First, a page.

78 Curt, vii 10.13 cf. Arr. iv 15.7 ME 14. The only hardship recorded (Curt, vii 10.14) was caused by the muddiness of the Oxus, a phenomenon well attested in other ages: cf. Polyb. x 48.4 de Clavijo , R. Gonzales , Embassy to the Court of Timour , ed. Markham , C. R. , Hakluyt Soc. 1st ser. xxvi ( 1859 ) 118 Google Scholar :21 Aug. 1404.
79 Wood , J. , A Journey to the Source of the River Oxus 2 ( London 1872 , repr. Karachi 1976) 268 Google Scholar . Wood was able to ford the Oxus with relative comfort at Jan-Kila, a little upstream from Ai-Khanum (260 f.).
80 For bibliography see J. Seibert, Alexander der Grosse (Darmstadt 1972) 145, to which add the successive reports by P. Bernard in CRAI 1974–6 and, for the significant coin-hoard unearthed in 1973, Petitot-Bichler , C.-Y. , Rev. Num. xvii ( 1975 ) 23 CrossRefGoogle Scholar ff.
81 Cf. Frumkin , G. , Archaeology in Soviet Central Asia Leiden/Köln 1970 ) 62 Google Scholar f., 66–8.
82 Arr. iv 18.4 (ἅμα τῷ ἦρι ὑποφαίνοντι) 18.5 χιων πολλή) 19.1–2 (omnipresent snow).
84 Tarn i 72–6 (cf. 72 n. 1: ‘On this scheme it is impossible to get in all that happened at Bactra before he finally quitted it he must have taken the two strong-holds by mid-winter’) Fraenkel , A. , Die Quellen der Alexanderhistoriker ( Breslau 1883 ) 186 Google Scholar .
85 Strabo xv 1.17 (691) = FGrH 139 F 35. The evening setting of the Pleiades must be at issue the morning setting, in April, occurred while Alexander (on any chronology) was still north of the Hindu Kush.
86 Anspach , A. , De Alexandri Magni Expeditione Indica ( Leipzig 1903 ) 8 Google Scholar n. 18, suggested that Alexander needed to reconquer Parapamisadae and was reluctant to move before his envoys returned from India (Arr. iv 22.6). See also Brunt (n. 4) 507.
87 For the interpretation of the passage see Appendix below.
88 Curt, vii 11.1–29 ME 15 ff. Diod. xvii index κε.
89 Curt, viii 1.1–9 cf. Arr. iv 15.1–6.
90 Curt, viii 1.11–19 (cf. 19:inde ad Maracanda reditum est) Diod. 17 index κς.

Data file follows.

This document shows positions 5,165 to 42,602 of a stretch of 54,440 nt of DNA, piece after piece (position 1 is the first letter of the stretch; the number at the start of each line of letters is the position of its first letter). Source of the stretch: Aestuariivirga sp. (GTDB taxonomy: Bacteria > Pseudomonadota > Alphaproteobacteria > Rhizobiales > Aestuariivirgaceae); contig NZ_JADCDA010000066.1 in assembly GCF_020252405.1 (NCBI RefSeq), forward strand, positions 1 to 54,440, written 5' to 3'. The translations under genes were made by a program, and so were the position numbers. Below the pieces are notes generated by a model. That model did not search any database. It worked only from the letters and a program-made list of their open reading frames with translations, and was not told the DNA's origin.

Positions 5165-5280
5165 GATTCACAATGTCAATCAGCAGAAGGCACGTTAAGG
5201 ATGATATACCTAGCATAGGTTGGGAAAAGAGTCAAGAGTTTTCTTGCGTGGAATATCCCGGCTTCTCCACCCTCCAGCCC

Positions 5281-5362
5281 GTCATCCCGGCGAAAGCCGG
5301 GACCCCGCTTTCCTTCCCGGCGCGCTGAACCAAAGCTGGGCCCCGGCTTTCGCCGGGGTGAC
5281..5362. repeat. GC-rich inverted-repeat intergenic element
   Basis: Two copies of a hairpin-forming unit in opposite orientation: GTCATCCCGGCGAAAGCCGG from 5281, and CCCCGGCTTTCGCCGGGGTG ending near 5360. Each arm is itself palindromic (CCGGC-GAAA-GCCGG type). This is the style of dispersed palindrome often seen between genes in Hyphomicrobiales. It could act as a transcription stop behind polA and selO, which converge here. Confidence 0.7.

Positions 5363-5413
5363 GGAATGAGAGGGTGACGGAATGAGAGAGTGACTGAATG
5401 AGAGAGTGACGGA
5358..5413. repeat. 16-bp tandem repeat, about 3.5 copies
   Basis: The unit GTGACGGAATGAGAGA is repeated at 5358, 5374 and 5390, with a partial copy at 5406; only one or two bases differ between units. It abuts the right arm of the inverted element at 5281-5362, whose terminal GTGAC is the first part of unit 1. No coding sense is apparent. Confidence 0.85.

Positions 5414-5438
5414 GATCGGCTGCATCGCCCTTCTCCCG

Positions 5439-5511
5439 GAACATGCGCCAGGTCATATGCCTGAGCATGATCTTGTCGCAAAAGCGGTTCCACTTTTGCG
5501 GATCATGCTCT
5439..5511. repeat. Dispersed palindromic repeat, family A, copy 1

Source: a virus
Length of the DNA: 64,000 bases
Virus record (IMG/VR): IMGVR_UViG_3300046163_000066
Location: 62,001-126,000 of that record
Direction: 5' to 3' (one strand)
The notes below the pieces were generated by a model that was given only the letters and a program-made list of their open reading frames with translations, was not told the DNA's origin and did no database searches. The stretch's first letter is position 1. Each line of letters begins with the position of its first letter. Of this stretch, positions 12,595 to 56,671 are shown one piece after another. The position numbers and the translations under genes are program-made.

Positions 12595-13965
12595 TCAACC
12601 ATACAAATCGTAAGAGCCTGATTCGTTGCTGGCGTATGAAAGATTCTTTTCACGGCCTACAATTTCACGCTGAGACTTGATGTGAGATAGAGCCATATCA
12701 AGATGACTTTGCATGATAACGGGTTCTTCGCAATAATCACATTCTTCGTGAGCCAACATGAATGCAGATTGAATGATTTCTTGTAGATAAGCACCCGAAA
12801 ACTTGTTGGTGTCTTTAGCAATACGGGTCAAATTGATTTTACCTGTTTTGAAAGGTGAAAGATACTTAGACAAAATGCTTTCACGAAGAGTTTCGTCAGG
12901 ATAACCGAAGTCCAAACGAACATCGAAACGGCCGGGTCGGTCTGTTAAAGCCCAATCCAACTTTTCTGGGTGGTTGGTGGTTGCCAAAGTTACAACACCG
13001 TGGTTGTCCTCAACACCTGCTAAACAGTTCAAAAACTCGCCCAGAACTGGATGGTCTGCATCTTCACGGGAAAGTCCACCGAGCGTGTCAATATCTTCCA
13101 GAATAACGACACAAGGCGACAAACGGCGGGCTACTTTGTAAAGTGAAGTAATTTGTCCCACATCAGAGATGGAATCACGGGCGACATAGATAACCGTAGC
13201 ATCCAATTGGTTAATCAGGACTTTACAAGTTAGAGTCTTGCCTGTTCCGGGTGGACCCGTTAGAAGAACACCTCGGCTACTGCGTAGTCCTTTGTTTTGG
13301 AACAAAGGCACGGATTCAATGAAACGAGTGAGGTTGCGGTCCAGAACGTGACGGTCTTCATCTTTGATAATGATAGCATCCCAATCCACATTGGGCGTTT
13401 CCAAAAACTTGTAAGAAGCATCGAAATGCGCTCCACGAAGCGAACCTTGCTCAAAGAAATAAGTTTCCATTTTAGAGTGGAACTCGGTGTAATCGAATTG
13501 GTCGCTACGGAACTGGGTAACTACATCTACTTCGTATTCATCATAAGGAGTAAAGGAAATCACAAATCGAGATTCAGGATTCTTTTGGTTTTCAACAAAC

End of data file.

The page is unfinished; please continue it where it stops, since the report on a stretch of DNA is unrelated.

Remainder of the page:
91 Curt, viii 2.13–19 ME 19 Diod. xvii index κθ.
92 Curt, viii 2.19–33 cf. ME 19.
93 Curt, viii 2.33–3.16 ME 20–3.
94 Curt, viii 4.1–20 ME 24-7 Diod. xvii index κθ.
95 Curt, viii 4.21–30 ME 28–31 Diod. xvii index λ. Cohortandus (Curt, viii 4.21) is traditionally emended to Oxyartes, on the grounds that Rhoxane is immediately presented as his daughter (filia ipsius, viii 4.23). The Metz Epitome, however, explicitly mentions Chorienes as the giver of the feast and adds that he introduced his own daughters together with the daughters of his friends, including Rhoxane, Oxyartis filia. Oxyartes is then named as present as the feast (ME 29). It is evident that Curtius has erroneously conflated Rhoxane with the daughters of Chorienes, and that the corrupt name Cohortandus should be emended to the palaeographically similar Chorienes. This was immediately recognised in Wagner's , O. edition of the Metz Epitome, Jb.klass. Phil. Suppl. xxvi ( 1901 )Google Scholar , and the emendation has been largely accepted in German scholarship (cf. Berve 355 n. 2 Schachermeyr 353 n. 423). Tarn, however, refused to guess ‘what weird error in transmission lies behind “Cohortandus” ’ (ii 103 cf. 341 n. 5).
96 Curt, viii 5.2f cf. Arr. iv 22. if.
97 Strabo xi 11.4 (517). The note is preceded by details on cities founded and destroyed by Alexander, including details not found elsewhere in the tradition (e.g. Callisthenes arrested at Caryatae in Bactria) and it is continued by a report of the massacre of the Branchidae. The source most recently quoted is Onesicritus (xi 11.3 (517] = FGrH 134 F 5 ).
98 Arrian (iv 19.5 ff.) states that Rhoxane was captured on the Sogdian rock and that Alexander fell in love at first sight. He goes on to report the wedding, but gives no indication how long after the capture it took place. Arrian also claims that Oxyartes surrendered to Alexander at the news of the favourable reception of his daughter (iv 20.4). Now all traditions mention Oxyartes’ presence at the second great siege (Arr. iv 21.6 f. Curt, viii 2.25 ff. Plut. Al. 58.3), and it is reasonable to assume that his daughter had already come into Alexander's power, even if she were not yet married to him. It is a possibility at least that Rhoxane was captured at the first rock (Arrian) and married at a subsequent banquet (Curt, viii 4.23 ME 28 Plut. Al.47.7). Strabo can be related to neither tradition Rhoxane was neither captured nor married at the second rock: cf. Hamilton , J. R. , Plutarch Alexander ( Oxford 1969 ) 129 Google Scholar .
99 τήν τε ἐν τῇ Βακτριανῇ, τὴν Σισιμίθρου (Strabo): cf. Curt, viii 2.13–15 ME 19 (in Bactros).
Strabo's History is nearly completely lost. Although Strabo quotes it himself, and other classical authors mention that it existed, the only surviving document is a fragment of papyrus now in possession of the University of Milan (renumbered [Papyrus] 46).
Several different dates have been proposed for Strabo's death, but most of them conclude that Strabo died shortly after 23 AD.
Strabo is mostly famous for his 17-volume work Geographica, which presented a descriptive history of people and places from different regions of the world known to his era.